When I think about watching a documentary, the last topic I expect to encounter is comic books. It seems the sort of subject that is too childish and nerdy for serious social analysis. So upon finding the trailer for the upcoming film “Legends of the Knight” – a Batman documentary – my face resembled a less grotesque version of the Joker’s permanent grin.
A fan of both the character Batman and documentaries in general, my hopes for “Legends of the Knight” immediately soared – and subsequently returned to Earth upon discovering in the documentary’s trailer that producer and director Brett Culp was low on funds to complete the production and would need more donations from the public to complete his not-for-profit documentary.
When thinking about the quality of a production, not having enough money is never a good sign. I would have hated to see an originally great idea turned into a choppy film full of full-hearted and full-grown men in Batman costumes.
However, after watching the film’s trailer and locating the documentary’s Kickstarter campaign, my faith in the project was renewed. The trailer was heartwarming, charming and cute – full of interviews with those involved in the production of Batman comics and films and those who’ve taken Bruce Wayne’s story as a personal inspiration to persevere through hard circumstances.[blockquote]I would have hated to see an originally great idea turned into a choppy film full of full-hearted and full-grown men in Batman costumes.[/blockquote]
What’s more, the campaign met its $31,850 goal in less than 48 hours and had received more than $14,000 additional donations as of March 18. Comic book fans, as it would seem, are very generous people. Adding the Kickstarter funds to the original $27,000 in donations raised in an Indiegogo campaign in May 2012 should not only allow Culp to finish the film but also bring in specialists to enhance color grading and audio mixing. Yet, even though a final product is sure to be released, I still question whether the public will react as if they’ve been kissed by Catwoman or gassed by Joker.
Convincing people of the positive effects of comics and that we all should embody Batman to make our world a better place will be difficult for Culp thanks to the present norms of documentary platforms. Currently, people tend to look for a problem or change that must be adjusted to, to give meaning and purpose to the information or experiences documented in the film. “Legends of the Night” will have trouble managing this, because there are not dire consequences for avoiding comics or being indifferent to your fellow man. Hopefully the film presents a strong enough positive case for being involved in comics and the moral behavior they inspire to avoid viewers not already captivated by the bat from thinking, “So what?”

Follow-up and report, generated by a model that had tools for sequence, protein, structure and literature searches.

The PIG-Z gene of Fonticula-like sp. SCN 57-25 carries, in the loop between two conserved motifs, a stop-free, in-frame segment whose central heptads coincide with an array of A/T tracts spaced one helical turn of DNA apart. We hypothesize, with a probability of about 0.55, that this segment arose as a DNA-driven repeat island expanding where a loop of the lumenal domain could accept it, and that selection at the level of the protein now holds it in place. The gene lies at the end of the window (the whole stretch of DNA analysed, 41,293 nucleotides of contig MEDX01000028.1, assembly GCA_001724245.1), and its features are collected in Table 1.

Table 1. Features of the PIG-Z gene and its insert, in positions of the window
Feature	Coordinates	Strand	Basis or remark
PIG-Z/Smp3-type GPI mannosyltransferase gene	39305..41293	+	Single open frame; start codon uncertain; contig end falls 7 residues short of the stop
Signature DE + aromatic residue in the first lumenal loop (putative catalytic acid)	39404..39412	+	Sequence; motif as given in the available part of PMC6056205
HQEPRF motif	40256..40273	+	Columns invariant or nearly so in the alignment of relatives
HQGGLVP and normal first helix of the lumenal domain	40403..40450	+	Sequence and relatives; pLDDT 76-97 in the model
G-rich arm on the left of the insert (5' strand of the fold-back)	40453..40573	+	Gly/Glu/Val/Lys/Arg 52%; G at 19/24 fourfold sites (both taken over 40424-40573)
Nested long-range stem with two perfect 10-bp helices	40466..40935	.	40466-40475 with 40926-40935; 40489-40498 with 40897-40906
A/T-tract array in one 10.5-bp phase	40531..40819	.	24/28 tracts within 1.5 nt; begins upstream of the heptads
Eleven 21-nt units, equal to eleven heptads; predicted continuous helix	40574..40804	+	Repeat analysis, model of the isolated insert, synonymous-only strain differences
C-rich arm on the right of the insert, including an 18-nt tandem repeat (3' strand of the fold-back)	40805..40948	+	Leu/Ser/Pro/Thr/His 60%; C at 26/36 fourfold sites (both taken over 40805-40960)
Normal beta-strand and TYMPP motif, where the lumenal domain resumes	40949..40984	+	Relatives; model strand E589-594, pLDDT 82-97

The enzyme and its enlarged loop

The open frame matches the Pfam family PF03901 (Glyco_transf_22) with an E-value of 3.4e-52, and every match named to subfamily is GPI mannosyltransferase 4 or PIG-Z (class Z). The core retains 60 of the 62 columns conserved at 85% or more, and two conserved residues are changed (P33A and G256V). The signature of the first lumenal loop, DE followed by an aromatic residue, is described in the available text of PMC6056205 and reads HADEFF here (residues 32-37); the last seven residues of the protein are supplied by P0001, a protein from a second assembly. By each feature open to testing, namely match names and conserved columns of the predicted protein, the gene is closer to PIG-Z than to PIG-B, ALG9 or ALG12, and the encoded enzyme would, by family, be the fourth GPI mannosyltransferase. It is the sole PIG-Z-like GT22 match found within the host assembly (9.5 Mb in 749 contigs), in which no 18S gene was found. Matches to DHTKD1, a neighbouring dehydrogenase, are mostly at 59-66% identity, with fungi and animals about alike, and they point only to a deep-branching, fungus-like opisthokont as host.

For those who already love the comics and the legend of the Batman, “Legends of the Knight” ought to be a slam-dunk. The film will likely provide insights into the development of Batman throughout his long existence that will fascinate “bat buffs” like me. Two interviews in particular, seen in the trailer, should spark the interest of comic fans, as Denny O’Neil and Michael Uslan are featured as experts on Batman.
O’Neil – old and bald enough to warrant Alfred comparisons – is a renowned comic book writer and editor who helped shape Batman as he moved into more modern times. His firsthand knowledge of the development of Batman’s legend will be exciting for fans looking to gain behind the strip access. Ulsan, executive producer of every Batman film since 1989, will likely discuss how he strove to produce a modern, realistic Batman that could reconnect with audiences. I’m interested to see his explanations for the awful production of “Batman & Robin” in 1997, and how that may have affected his efforts to produce a more serious series.
I expect “Legends of the Knight” to be, above all, a sweet and touching film based on its trailer. The most powerful interview will probably be Kye Sapp, a 5-year-old boy in a bout with Leukemia, who found strength identifying with Batman. His first part of treatment complete, Sapp continues to fight on.
With any luck, the power of his story and other stories of those driven by Batman’s folklore to overcome adversity or assist others in doing so will keep viewers less interested in comics captivated and allow them to take the message of the documentary to heart.
Matt Kirk can be reached at firstname.lastname@example.org.